However, the long-standing question that the readers of this blog want to see answered is not whether the Corded Ware and Yamnaya peoples are close cousins, but whether Yamnaya migrants founded the Corded Ware culture. The obvious way to prove that they did is to find at least one ancient population unambiguously classified as part of the Yamnaya horizon that is rich in the typically Corded Ware Y-haplogroups R1a-M417 and R1b-L151.

See also...

On the origin of the Corded Ware people

The PIE homeland controversy: January 2019 status report

The PIE homeland controversy: August 2019 status report

Thursday, June 17, 2021

Balto-Slavic drift


A few years ago I began using the term "Balto-Slavic genetic drift" to describe the fine-scale genetic signal that is shared by the speakers of Baltic and Slavic languages to the exclusion of Europeans without significant Balto-Slavic ancestry.

As a result, nowadays, many people online use the term "Balto-Slavic drift" when referring to this phenomenon.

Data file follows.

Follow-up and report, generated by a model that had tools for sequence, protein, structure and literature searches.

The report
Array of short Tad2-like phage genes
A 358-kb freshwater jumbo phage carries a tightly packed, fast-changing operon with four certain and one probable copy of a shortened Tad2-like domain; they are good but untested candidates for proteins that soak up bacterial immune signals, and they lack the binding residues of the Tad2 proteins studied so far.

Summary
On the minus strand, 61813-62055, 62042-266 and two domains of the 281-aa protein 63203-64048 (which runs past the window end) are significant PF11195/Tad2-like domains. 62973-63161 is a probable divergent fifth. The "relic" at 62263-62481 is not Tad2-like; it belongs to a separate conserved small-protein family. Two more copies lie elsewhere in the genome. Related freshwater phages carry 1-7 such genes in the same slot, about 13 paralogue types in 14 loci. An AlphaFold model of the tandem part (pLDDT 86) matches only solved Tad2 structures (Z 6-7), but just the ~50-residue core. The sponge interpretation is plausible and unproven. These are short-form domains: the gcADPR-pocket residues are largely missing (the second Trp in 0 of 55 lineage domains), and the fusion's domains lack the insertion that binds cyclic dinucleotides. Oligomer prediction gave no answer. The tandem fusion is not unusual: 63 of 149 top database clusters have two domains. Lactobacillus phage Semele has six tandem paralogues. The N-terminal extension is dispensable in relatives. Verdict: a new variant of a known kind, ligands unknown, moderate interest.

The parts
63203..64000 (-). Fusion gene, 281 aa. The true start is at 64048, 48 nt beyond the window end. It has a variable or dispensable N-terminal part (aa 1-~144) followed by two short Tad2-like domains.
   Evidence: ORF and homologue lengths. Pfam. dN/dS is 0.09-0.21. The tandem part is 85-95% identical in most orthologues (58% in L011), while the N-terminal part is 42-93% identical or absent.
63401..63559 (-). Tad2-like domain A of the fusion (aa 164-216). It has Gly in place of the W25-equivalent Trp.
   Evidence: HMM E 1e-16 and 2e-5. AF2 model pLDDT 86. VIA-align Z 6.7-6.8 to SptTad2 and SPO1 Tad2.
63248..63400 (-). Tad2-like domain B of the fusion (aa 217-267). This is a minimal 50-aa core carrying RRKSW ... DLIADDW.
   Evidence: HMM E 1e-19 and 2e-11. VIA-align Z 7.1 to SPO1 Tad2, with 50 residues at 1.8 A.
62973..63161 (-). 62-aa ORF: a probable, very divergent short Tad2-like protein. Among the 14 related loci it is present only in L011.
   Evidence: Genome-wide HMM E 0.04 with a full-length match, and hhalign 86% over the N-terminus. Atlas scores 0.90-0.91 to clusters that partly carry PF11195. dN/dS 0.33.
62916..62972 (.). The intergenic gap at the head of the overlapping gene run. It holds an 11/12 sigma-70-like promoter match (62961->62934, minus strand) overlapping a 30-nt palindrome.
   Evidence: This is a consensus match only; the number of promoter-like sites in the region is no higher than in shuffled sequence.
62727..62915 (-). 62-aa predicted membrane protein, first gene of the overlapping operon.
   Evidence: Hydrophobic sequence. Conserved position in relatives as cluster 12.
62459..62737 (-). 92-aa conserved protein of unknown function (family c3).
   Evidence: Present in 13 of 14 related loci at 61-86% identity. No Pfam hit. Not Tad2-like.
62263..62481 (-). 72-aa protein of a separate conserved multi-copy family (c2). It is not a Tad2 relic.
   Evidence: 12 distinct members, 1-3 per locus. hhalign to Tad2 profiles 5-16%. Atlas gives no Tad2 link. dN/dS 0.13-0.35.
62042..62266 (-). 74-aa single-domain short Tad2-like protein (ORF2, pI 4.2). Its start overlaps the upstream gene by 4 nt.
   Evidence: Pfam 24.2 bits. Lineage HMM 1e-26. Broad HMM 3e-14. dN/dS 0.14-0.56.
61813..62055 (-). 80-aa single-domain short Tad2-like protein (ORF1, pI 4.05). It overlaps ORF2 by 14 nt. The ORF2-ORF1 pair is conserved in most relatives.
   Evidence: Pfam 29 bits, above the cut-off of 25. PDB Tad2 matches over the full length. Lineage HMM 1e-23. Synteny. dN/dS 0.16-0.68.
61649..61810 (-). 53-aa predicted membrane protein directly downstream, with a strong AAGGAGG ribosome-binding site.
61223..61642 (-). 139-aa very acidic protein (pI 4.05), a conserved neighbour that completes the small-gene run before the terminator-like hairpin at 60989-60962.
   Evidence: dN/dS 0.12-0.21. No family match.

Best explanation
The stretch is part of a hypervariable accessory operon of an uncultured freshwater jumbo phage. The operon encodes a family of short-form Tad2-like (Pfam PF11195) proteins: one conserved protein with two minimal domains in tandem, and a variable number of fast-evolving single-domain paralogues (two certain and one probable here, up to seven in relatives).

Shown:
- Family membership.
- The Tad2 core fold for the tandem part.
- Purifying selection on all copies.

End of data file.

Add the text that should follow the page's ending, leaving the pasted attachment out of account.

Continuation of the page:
The easiest way to prove that Balto-Slavic drift exists is to run a fine-scale Principal Component Analysis (PCA) of European genetic variation with a lot of Balto-Slavic samples in the mix. Indeed, my Global25 PCA analysis does a great job of illustrating the impact of Balto-Slavic drift on the population structure of Europe both in PCA plots and mixture models (for instance, see here).

It's also possible to tease out Balto-Slavic drift with formal statistics. I showed this indirectly in a recent blog post about Greek population structure (see here). In this post I'm going to demonstrate how to explicitly and formally test for Balto-Slavic drift both in ancient and present-day samples.